The review methods of the present study relied on four main databases, namely Scopus, Medline (PubMed), ScienceDirect, and Google Scholar. Considering that these databases are reliable and provide full text for thousands of highly ranked medical journals with cover-to-cover indexing, it would best to be utilised efficiently using correct and specific searching terms. For each database, the search method was adjusted accordingly and is listed in Table 1. Suarez-Almazor et al. [9] suggested that a comprehensive search can be obtained through more databases. Therefore, the present study was hand searching manually on several established sources using Google Scholar to increase the likelihood of obtaining relevant articles.

2.3. Eligibility and Rejection Criteria

A few criteria for eligibility and rejection are identified. Studies that evaluated the antimicrobial and antiparasitic activities of extracts of E. longifolia, with no limitation on study populations, were chosen. The following acceptance criteria were used: About the type of literature, only article journals publishing with empirical data are considered, which were written in English, have timeline indexes between 2001 and 2021, and evaluated E. longifolia antimicrobial or antiparasitic activities or both, with a reliable control group. When the control uses more than one (e.g., untreated medium and a commercial reference of antibiotics), the first one will be selected as a control group. As for the rejection criteria, the literature types of a review article, book, book series, chapter in books, and conference proceedings were discarded. Besides, the search effort also excluded non-English publications timeline indexes before 2001, studies unrelated to the assessment of antimicrobial and antiparasitic activities of E. longifolia and lacked a control experiment.

2.4. Systematic Review Process

In this section, the systematic review process was categorised into four stages. First, keywords that were used in the search process were identified. Depending on previous studies, the similar keywords and related to antimicrobial and antiparasitic activities were used (Table 2). At this phase, by using the duplication detector tool in the Mendeley Desktop, four articles that were duplicated were discarded.

The second phase was screening. The remaining 119 articles were carefully screened based on the abstract provided by the publisher. In this stage, 52 articles had been excluded due to a lack of acceptance criteria and posed the rejection criteria. The remaining 67 articles were carried into the third phase, which is accessibility, where only articles with full-text access were taken. The last phase of the review was eligibility. Only research articles focusing on E. longifolia antimicrobial and antiparasitic activities or both, containing suitable empirical data and a clear experiment, were taken.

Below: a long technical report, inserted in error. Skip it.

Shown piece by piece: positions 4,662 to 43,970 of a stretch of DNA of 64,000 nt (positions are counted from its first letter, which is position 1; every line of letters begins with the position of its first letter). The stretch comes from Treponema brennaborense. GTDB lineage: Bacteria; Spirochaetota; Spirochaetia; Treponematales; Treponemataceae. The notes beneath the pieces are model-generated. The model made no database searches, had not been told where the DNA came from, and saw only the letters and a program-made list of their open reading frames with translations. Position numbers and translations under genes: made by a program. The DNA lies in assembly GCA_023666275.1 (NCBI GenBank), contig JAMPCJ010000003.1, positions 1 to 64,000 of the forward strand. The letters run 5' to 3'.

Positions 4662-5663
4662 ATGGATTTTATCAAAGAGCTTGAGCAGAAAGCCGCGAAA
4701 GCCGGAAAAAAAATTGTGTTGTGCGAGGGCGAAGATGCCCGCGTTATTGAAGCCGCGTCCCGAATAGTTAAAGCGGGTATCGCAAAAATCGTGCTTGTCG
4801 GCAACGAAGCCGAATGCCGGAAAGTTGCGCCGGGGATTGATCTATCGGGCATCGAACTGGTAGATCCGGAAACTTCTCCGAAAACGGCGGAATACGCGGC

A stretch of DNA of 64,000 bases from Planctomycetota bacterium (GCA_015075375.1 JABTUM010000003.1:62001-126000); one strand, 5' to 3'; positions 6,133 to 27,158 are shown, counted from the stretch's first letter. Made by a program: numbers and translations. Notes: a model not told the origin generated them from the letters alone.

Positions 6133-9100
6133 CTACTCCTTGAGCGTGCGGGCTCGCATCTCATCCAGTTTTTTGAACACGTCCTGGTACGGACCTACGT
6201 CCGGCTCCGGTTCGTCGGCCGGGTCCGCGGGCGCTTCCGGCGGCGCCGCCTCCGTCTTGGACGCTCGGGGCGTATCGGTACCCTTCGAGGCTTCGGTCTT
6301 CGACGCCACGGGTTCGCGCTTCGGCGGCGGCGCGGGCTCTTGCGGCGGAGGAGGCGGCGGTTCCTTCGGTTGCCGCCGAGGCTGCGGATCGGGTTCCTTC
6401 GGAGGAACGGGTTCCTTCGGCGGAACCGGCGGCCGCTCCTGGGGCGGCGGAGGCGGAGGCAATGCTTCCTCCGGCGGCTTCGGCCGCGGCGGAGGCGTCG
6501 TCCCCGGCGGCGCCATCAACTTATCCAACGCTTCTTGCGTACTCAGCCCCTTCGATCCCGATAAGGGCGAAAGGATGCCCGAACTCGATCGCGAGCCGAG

2.5. Data Abstraction and Analysis

The purpose of this study is to evaluate and analyse previous research analyses that have addressed the formulated questions. In order to evaluate suitable themes and subthemes, the data needed to be identified first through the abstract and then through the full articles (in-depth). Data were extracted individually when the research article evaluated more than one plant extract, chemical substance, or antibiotic reference, focusing on E. longifolia antimicrobial and antiparasitic activities. Data regarding the experiment were extracted and analysed using Microsoft Office Excel 2016.

The Mixed Method Appraisal Tool (MMAT), version 2018, was used to evaluate the methodological quality for each article. The low methodological quality of articles based on the overall score would be excluded to increase the sensitivity analysis. The overall score was calculated based on the manual guidance [10].

3. Results

3.1. Study Selection

The recent systematic review flowchart can be found in Figure 1. After the database searching using the keywords stated in Table 1, 123 studies have been identified. The titles were screened, and the abstract was examined carefully. After the screening process and removal of duplication, a total of 67 articles have remained. Full texts of the remaining articles were analysed to determine if they met the criteria for eligibility. Among them, 36 articles were removed because they did not have access to the full text, and 11 were removed because they did not meet the acceptance criteria. In total, 103 studies were removed for the reasons mentioned in Figure 1. After title screening and abstract examination, 56 articles were excluded due to duplication and not meeting the acceptance criteria. 67 articles were assessed on full-text accessibility, 31 articles remained, and the number was decreased to 20 articles after a particular examination through the full text articles; 20 articles were used in this study.